Study debuks long-held myth propably arising from the confirmation bias. The full moon is NOT linked to busier h

ospital emergency rooms or more births, a new study finds.

The belief that there might be a link is likely down to a bias in the way even intelligent people think called the confirmation bias.


Every fan of music knows the tremendous power it can have over both thoughts and emotions.

Great music can transform an ordinary day into something magical, even spiritual. It can provide solace, release, strong sensations and more.

But music’s influence spreads further still: right up from our genetic code, through our thoughts and bodies and out into how we relate in groups.


Prompting people to think about the legacy they want to leave for future generations can boost their desire and intention to take action on climate change, according to new research published in Psychological Science.

Taking steps to address climate change now is the only way to prevent greater environmental harm later on, and yet it can be difficult to get people to rally around the cause because it lacks the immediacy of other urgent policy issues.

 “The long time horizon and ambiguity associated with climate change can serve as psychological obstacles to conservation — people think that the negative effects of climate change will be felt far away in time by future others,” says Zaval.

Zaval and colleagues wondered whether getting people to consider the long view in a less hazy, more concrete way might boost their concern over climate change. They hypothesized that prompting people to think about the future in terms of how they want to be remembered could motivate them to want to leave a positive legacy, including a positive environmental legacy. And this desire to leave a positive legacy could, ultimately, impact their behavior now.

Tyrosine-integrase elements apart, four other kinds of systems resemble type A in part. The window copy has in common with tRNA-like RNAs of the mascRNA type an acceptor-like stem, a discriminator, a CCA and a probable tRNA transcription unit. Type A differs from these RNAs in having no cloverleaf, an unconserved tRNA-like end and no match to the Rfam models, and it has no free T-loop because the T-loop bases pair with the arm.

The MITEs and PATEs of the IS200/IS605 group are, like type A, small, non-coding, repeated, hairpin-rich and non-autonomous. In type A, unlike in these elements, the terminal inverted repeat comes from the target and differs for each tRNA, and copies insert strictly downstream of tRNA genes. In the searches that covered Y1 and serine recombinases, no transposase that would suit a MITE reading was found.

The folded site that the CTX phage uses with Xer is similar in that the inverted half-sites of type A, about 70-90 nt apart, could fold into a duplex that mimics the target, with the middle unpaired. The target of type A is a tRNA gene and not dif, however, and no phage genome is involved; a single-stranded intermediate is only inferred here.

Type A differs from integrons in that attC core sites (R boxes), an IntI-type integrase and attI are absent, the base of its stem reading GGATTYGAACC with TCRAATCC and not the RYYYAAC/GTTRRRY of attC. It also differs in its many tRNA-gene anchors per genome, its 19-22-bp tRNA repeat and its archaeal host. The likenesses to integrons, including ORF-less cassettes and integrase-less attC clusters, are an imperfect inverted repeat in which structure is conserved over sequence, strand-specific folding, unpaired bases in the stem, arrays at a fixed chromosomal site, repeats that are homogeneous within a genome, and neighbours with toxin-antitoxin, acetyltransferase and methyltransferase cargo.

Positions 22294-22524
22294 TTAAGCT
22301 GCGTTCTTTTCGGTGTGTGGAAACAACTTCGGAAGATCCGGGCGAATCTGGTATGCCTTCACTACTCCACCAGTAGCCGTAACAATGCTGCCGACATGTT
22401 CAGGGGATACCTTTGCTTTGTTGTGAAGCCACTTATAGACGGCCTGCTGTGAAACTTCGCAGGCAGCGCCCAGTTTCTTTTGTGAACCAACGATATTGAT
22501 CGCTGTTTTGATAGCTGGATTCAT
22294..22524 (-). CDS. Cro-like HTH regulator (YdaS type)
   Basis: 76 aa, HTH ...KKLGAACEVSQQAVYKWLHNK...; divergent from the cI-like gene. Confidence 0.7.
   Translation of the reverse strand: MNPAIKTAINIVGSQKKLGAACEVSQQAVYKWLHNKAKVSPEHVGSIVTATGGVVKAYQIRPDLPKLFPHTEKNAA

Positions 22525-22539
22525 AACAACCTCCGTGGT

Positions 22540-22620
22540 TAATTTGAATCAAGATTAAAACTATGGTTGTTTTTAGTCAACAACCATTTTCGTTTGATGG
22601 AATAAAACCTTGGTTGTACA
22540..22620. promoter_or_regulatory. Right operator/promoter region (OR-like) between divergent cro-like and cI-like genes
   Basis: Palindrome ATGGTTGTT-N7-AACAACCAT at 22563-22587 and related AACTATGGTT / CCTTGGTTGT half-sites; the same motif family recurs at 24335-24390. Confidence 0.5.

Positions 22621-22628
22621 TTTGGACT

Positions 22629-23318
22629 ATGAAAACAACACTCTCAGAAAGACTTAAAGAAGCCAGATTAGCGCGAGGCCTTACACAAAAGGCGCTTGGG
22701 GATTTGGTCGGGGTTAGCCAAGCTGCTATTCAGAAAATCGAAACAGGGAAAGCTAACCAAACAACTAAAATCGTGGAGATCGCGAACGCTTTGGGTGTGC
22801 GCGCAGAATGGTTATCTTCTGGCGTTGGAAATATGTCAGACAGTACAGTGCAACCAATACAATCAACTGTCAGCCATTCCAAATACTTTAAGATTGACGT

Study of 3,000+ finds men and women process emotions differently and this affects what they remember.


Does emotion help us remember? That's not an easy question to answer, which is unsurprising when you consider the complexities of emotion.

It does seem clear that, as a general rule, we remember emotionally charged events better than boring ones.

Latest research suggests that it is the emotions aroused, not the personal significance of the event, that makes such events easier to remember.

The memory of strongly emotional images and events may be at the expense of other information. Thus, you may be less likely to remember information if it is followed by something that is strongly emotional. This effect appears to be stronger for women.



Hugs are a great way to show love because they create a bonding experience and can heal our emotions.

We're told to wash our hands, get plenty of rest, and avoid public coughers and sneezers in order to keep the common cold at bay, but new research suggests another line of defense: hugs.


A team of researchers, tested whether hugs act as a form of social support, protecting stressed people from getting sick. They found that greater social support and more frequent hugs protected people from the increased susceptibility to infection associated with being stressed and resulted in less severe illness symptoms.


The findings are published in Psychological Science, a journal of the Association for Psychological Science.

Cohen and his team chose to study hugging as an example of social support because hugs are typically a marker of having a more intimate and close relationship with another person.